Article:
Vancouver History: Prohibitionby
Given that I’m a media partner for the Canada Cup of Beer this Saturday, I thought it would be fun to delve into some local history when it comes to the spirited beverages.
On October 1, 1917 prohibition began in Canada but (and it was already well underway in the US).
Rum runners in BC would sail up and down the coast, often with tens of thousands of cases tucked in away on lumber ships. One of such ships being the infamous Malahat, known as the Queen of Rum Row.
Rum Running of liquor from Canada or from Canadian ships to American boats off the US coast was a profitable business. Unlike the activities on the Atlantic, the Pacific Rum Running trade was much smaller and thus immune from Mafia interests. [Vancouver Maritime Museum]
BC’s prohibition ended in 1920 but from that point on (and until recent years) the sale of liquor would only take place in Government controlled stores – leading to the birth of a good ‘ol Cold Beer n Wine shops.
The first English-Canadian province to repeal Prohibition, BC became the source of much of the liquor smuggled illegally into the US before it too finally repealed its legislation in 1933. [KnowBC]
Some of the key players during the prohibition era actually helped form this city and even Granville Street as we know it, like the Reifel brothers and their father.
Henry Reifel began a brewery at Main and 16th on Brewery Creek. In 1908 Canadian Brewing and Malting on 11th and Yew later amalgamated several companies into Vancouver Breweries [see: more on Henry Reifel’s brewing]. Henry sold his brewing interests on retirement (in 1933) and donated property for the original Vancouver Art Gallery on Georgia. [Vancouver History].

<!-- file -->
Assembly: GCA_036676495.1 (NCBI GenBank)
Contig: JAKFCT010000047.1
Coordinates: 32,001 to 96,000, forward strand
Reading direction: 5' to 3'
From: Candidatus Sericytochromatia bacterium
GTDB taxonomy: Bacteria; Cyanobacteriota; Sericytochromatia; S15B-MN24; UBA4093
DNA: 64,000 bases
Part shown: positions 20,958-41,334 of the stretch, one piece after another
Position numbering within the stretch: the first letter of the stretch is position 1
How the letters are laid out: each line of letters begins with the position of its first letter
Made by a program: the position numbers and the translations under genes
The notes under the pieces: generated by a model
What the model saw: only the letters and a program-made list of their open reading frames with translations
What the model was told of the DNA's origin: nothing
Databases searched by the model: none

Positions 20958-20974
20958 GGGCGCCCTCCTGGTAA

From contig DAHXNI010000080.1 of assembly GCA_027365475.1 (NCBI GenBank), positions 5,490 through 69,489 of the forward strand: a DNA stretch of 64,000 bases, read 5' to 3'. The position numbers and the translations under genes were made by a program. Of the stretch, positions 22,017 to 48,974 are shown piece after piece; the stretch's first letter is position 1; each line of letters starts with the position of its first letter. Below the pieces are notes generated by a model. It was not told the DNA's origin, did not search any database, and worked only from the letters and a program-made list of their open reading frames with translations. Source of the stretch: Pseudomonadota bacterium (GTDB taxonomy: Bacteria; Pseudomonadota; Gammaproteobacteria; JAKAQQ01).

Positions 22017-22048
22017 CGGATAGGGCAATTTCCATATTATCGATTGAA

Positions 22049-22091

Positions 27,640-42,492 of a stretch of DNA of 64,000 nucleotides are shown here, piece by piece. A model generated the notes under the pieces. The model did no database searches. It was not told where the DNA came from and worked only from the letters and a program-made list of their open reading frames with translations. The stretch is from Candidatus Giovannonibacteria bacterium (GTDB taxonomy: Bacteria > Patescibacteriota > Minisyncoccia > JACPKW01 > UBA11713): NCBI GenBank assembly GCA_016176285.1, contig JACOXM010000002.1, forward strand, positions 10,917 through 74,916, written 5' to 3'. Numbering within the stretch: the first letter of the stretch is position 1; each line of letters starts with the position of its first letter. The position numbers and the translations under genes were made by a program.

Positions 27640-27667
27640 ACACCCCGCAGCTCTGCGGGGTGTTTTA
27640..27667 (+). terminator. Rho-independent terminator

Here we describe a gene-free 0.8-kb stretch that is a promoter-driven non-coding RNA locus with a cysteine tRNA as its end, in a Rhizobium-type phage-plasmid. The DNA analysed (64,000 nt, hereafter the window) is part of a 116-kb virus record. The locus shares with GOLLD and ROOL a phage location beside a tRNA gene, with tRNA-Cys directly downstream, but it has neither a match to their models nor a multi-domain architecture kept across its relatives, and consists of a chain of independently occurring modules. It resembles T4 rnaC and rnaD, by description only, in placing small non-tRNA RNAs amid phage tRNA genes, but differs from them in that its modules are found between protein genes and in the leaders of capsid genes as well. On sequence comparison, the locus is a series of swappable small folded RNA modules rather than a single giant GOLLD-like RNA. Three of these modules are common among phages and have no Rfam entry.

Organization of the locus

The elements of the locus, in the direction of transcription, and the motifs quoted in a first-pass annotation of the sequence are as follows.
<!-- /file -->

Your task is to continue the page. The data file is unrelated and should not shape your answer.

His son George Conrad Reifel (brewmaster) sailed his liquor down the coast and with his brother Harry (Henry) Frederick built and owned the Commodore Block on Granville (in 1929) and the Vogue and Studio theatres in the 1940s.
The Reifel family donated much of their land to the city, including farmland in Delta known now as the George C Reifel Migratory Bird Sanctuary. Even the Reifel family home now serves as the regional headquarters of the Canadian Wildlife Service.
Update: After reading this post, Steve from Ubertor and Reachd passed along this article from The Vancouver Sun. It involves the beautiful home on SW Marine – Casa Mia – which is up for sale and was always my sister’s dream home when we were kids (and I’m sure it still would be now). The reason this all fits together is that it was built for George Reifel in 1932.
Update: In 2011, the mansion is either still up for sale, or up for sale again [VancouverSun]
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Of course, if you want to know more about this stuff, you should come on my “Sins of the City” walking tour… gambling dens, opium houses, brothels… and of course, lots and lots about prohibition.
Long after prohibition, we had some incredibly stringent liquor laws in BC… no standing while drinking, no unescorted women in bars, bars closed for dinner every evening. Of course, you could break all those rules, if you knew where to go…
Vancouver Police Museum
[…] continues her Vancouver History blogging with an entry on Prohibition in Vancouver – “Rum runners in BC would sail up and down the coast, often with tens of thousands of cases […]
@ Chris – I’d love to do the tour of the Vancouver Police Museum! Only problem seems to be that it’s not open on weekends, or is it?
Museum is open Mon-Sat 9-5. The museum itself is self-guided… of course, who needs a guide when you’re exploring Vancouver’s old city morgue. 😉
The Sins walking tour is what we guide instead… it leaves the museum and explores Gastown, Chinatown and the Downtown Eastside.
Additional questions, ping me at [email protected].
[…] Everything else is top notch info, from Gassy Jack to the Malahat. […]
[…] owned by the Reifel brothers, the Vogue was sold to a development company in 1987 and would lay vacant and silent until 1992 […]